It’s possible, because the value of a man as protector, as avenger, as the half of the fabled learning duo that isn’t orange and topped by string leafs has been consigned to the realm of villainy. And yet, on the other hand men have been excluded by social pressure from elementary education, day care, and after school programs. Organizations like 4H are nearly overburdened with testosterone if they have one in twenty male leaders, and not shockingly they retain only a slightly higher percentage of male membership.  So men aren’t allowed to inspire people to behave better out of fear, nor are they allowed to be involved in nurturing. Decades ago when the dark hero, the Bobby Seale, the Conan, the gruff uncle or grandfather was a common sight, men were allowed a variety of roles. These human wolfhounds didn’t (and don’t) just exist to set limits on what the wolf can do, but to steer the flock as well.

Just judging by the point the change from traditional scope of roles become fodder for Hollywood humor, Mr Mom (1983), Michael Keaton’s exploration of full-time stay at home daddyness as compared to something the current Hollywood might produce? The “good guys” in much of today’s fiction are indistinguishable from most of the women except by pronoun, and occasionally which restroom they use. This isn’t nearly as much because of a change in how women are portrayed, as it is in how men are. Gruff men, dark heroes, strong males are never shown as present, or at least not present for long.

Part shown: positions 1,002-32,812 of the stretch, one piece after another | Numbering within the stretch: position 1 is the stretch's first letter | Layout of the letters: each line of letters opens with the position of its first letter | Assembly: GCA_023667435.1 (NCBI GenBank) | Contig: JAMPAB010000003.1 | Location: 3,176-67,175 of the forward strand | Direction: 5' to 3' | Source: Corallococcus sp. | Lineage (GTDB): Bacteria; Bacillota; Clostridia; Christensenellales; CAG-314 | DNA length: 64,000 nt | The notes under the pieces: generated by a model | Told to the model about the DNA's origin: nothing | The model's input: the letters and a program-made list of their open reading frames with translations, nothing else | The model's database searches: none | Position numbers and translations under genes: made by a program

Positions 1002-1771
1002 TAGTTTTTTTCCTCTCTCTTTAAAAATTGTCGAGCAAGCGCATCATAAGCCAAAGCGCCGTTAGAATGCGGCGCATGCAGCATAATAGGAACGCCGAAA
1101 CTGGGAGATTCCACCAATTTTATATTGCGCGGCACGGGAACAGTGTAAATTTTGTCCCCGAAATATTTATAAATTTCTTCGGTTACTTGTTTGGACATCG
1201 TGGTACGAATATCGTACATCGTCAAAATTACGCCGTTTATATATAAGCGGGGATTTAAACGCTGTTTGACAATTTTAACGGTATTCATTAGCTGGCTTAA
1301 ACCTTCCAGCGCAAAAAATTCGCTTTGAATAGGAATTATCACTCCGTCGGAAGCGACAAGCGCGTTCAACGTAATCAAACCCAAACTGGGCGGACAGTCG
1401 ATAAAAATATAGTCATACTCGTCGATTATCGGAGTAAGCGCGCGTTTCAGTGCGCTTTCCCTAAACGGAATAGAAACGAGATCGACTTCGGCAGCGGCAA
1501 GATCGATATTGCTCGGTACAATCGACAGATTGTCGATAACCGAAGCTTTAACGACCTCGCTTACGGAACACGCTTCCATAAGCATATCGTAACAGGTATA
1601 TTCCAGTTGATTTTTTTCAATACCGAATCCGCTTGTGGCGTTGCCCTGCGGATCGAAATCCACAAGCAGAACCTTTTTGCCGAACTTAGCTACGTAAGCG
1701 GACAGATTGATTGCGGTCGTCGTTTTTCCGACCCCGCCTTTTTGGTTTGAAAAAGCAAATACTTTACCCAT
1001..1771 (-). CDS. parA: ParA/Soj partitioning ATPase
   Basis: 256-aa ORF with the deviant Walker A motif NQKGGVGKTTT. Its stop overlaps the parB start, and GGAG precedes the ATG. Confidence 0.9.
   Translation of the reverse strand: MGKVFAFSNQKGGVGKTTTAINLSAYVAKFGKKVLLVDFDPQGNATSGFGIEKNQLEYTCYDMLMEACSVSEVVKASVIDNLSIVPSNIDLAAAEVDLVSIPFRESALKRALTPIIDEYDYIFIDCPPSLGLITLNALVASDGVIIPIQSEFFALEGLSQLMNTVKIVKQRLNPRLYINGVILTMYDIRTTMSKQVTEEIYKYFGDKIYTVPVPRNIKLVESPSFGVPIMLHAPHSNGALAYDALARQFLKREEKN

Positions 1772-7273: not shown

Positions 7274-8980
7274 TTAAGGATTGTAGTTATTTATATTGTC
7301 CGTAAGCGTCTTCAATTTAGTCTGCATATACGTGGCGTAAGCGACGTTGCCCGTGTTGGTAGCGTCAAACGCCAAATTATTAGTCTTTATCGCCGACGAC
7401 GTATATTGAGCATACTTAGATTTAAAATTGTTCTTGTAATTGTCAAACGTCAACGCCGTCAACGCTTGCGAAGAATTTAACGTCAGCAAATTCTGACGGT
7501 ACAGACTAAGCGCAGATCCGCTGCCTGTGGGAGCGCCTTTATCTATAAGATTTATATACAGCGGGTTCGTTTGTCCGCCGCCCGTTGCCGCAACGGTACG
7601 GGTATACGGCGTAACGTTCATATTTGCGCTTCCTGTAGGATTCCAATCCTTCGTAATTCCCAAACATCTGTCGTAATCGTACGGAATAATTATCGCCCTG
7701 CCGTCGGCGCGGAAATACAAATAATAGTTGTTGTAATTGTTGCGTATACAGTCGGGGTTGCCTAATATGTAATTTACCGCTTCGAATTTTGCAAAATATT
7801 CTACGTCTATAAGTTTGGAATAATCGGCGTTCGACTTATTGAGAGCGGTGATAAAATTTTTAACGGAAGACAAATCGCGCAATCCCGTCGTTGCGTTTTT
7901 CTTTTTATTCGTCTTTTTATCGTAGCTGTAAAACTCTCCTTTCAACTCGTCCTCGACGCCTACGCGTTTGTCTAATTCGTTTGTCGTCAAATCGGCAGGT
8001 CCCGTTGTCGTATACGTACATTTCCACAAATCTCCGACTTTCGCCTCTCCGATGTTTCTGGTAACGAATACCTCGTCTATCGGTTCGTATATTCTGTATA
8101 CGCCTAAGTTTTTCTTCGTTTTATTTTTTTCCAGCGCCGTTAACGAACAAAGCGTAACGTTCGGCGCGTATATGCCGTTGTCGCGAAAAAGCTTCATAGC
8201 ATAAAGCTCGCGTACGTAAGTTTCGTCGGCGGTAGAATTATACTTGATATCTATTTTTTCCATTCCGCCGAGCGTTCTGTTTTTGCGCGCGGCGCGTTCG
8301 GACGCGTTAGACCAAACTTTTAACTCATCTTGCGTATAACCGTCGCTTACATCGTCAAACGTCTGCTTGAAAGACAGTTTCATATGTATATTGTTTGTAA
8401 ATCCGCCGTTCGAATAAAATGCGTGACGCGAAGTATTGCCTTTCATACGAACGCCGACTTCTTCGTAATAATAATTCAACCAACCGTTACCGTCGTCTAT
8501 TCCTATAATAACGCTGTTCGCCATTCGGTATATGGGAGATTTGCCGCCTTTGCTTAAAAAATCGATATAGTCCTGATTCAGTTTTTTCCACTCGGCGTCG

As fiction is a symbiote of society, this portends things that are not good for anyone. From the business point of view, it doesn’t inspire men to read, or appreciate women who do. Why would any man want to contend with hundreds of reinforcements of a stereotype that if he’s strong he’ll either leave soon or be evil (and probably evil)? This blog post has an interesting spin on the role of men.

  • Xander Opal

    I keep saying this more and more: “Real men have self-control.” In this context, self-control is directing one’s anger, ability to do violence, force, power in a constructive manner. To channel the effects of being regarded as less than fully human into the efforts required for recognition as being just another human being.

    Real men don’t tear everyone else down in a tantrum of jealousy. They don’t ruin others’ lives just to see them hurt. They don’t try to destroy their jobs, their income, their savings just to stand higher than them in the resulting rubble.

    Real men stand tall and walk straight. They decide on a course of action for their goals and accept the consequences, after considering the same. They decide on the consequences they desire, and undertake the required courses of action.